Here are the CS2 update patch notes for June 7

Another update is live.

Mirage B site in Counter-Strike 2.
Screengrab by Dot Esports via Valve

Valve developers are hard at work on fixing problems in Counter-Strike 2, and just one day after a huge update, they released another one on June 7.

This time around, the devs didn’t add any new gameplay mechanics, which is more than understandable considering how much they did add in the June 6 Counter-Strike 2 patch. The most recent update is focused on fixing various CS2 bugs, from weapons to sounds.

The look of a few guns has been improved, as well as a recoil bug that occurred for MAG-7. Additionally, the devs took some sounds, buyback, and loadout bugs into the scope, fixing them as well.

Related: Save a buck: New CS2 exploit lets players buy cheap gear

It’s likely the devs will continuously add patch notes for CS2 looking at how they asked the players to report any bugs following June 6’s update.

Here are all the changes in CS2 update from June 7


  • Added Mirage as an option for the main menu scenery map.


  • Fixed a regression with weapon recoil on high-punch weapons like MAG-7 sometimes punching weapon view model towards the ground instead of up in the air.
  • Improved the look of UMP-45, MAG-7, R8 Revolver, Sawed-Off.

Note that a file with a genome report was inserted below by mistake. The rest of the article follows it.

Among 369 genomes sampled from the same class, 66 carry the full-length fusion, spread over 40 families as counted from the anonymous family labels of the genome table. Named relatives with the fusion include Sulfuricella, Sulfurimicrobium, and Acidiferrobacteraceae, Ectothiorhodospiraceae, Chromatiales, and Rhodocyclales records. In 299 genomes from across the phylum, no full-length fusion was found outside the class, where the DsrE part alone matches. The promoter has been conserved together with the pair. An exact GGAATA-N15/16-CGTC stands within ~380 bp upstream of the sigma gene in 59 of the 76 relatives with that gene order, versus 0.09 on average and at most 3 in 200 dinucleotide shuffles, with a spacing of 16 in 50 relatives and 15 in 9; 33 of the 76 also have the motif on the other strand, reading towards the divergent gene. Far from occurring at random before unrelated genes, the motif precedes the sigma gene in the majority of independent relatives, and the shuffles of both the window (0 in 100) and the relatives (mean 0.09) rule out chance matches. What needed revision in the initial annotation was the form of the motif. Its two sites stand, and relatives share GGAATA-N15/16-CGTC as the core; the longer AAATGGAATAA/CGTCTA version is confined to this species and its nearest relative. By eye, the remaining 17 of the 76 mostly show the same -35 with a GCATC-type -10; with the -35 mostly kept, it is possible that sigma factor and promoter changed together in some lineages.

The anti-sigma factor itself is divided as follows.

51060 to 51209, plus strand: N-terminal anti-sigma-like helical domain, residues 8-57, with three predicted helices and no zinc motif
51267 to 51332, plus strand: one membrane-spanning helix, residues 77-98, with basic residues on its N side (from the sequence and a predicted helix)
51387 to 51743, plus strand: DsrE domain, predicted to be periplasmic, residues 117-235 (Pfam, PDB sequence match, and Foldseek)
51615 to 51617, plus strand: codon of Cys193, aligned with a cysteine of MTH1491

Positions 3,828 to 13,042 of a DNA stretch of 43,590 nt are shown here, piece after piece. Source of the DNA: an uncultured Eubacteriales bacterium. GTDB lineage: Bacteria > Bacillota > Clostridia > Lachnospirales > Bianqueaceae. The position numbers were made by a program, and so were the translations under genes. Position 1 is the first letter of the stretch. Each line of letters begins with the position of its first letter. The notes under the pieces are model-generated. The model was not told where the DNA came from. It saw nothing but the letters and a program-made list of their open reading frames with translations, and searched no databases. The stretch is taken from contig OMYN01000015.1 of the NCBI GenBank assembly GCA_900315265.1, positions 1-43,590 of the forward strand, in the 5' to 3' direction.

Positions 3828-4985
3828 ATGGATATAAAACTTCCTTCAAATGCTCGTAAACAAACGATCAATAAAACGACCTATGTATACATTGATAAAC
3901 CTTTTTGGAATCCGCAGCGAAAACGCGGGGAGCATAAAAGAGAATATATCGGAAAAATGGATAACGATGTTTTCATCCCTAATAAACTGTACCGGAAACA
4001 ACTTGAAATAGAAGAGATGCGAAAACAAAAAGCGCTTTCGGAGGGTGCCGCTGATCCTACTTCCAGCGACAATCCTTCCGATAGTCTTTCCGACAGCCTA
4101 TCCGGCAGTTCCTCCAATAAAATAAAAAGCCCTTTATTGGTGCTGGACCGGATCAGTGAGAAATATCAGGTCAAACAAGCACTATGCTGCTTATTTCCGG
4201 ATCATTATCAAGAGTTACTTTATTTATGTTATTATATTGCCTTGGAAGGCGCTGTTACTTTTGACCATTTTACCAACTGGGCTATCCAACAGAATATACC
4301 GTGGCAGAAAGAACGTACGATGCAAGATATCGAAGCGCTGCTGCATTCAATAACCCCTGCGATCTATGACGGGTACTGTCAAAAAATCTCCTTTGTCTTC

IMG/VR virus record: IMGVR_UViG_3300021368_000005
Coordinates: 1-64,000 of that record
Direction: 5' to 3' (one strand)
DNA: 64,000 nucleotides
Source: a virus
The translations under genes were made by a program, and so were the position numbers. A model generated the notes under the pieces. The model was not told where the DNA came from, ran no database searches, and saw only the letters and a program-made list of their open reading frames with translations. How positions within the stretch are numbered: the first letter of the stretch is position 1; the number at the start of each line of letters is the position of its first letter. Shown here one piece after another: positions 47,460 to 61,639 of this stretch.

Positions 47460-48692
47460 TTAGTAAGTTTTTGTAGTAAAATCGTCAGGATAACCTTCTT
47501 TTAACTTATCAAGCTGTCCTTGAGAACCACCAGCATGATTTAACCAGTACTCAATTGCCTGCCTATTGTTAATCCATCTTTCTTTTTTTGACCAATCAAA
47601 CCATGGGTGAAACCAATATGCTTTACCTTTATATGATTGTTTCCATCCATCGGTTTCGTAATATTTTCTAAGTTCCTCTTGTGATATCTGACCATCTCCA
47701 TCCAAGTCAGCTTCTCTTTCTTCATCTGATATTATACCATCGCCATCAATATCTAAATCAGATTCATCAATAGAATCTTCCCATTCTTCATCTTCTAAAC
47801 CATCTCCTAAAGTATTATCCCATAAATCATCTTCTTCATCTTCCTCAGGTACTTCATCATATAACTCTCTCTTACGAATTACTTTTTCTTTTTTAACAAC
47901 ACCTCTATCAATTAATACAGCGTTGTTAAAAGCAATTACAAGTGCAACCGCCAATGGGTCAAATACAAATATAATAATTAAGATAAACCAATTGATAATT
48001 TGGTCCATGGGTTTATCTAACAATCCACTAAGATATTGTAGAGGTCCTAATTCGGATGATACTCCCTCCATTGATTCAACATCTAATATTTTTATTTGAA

Workshop Tools

  • Fixed legacy models appearing when previewing new weapon paint finishes.


  • Fixed a regression where 10-second music cue was sometimes not playing.
  • Fixed wooden ladders to play wooden footstep sounds.


  • Fixed free armor side-effect of armor refunding.
  • Fixed loadout tooltips getting stuck on main menu.
  • Fixed a regression with inspecting Huntsman knives.
  • Brought back an option to pass number keys through to the game while in buy menu.
  • Numerous stability improvements.


Mateusz Miter
Polish Staff Writer. Mateusz previously worked for numerous outlets and gaming-adjacent companies, including ESL. League of Legends or CS:GO? He loves them both. In fact, he wonders which game he loves more every day. He wanted to go pro years ago, but somewhere along the way decided journalism was the more sensible option—and he was right.

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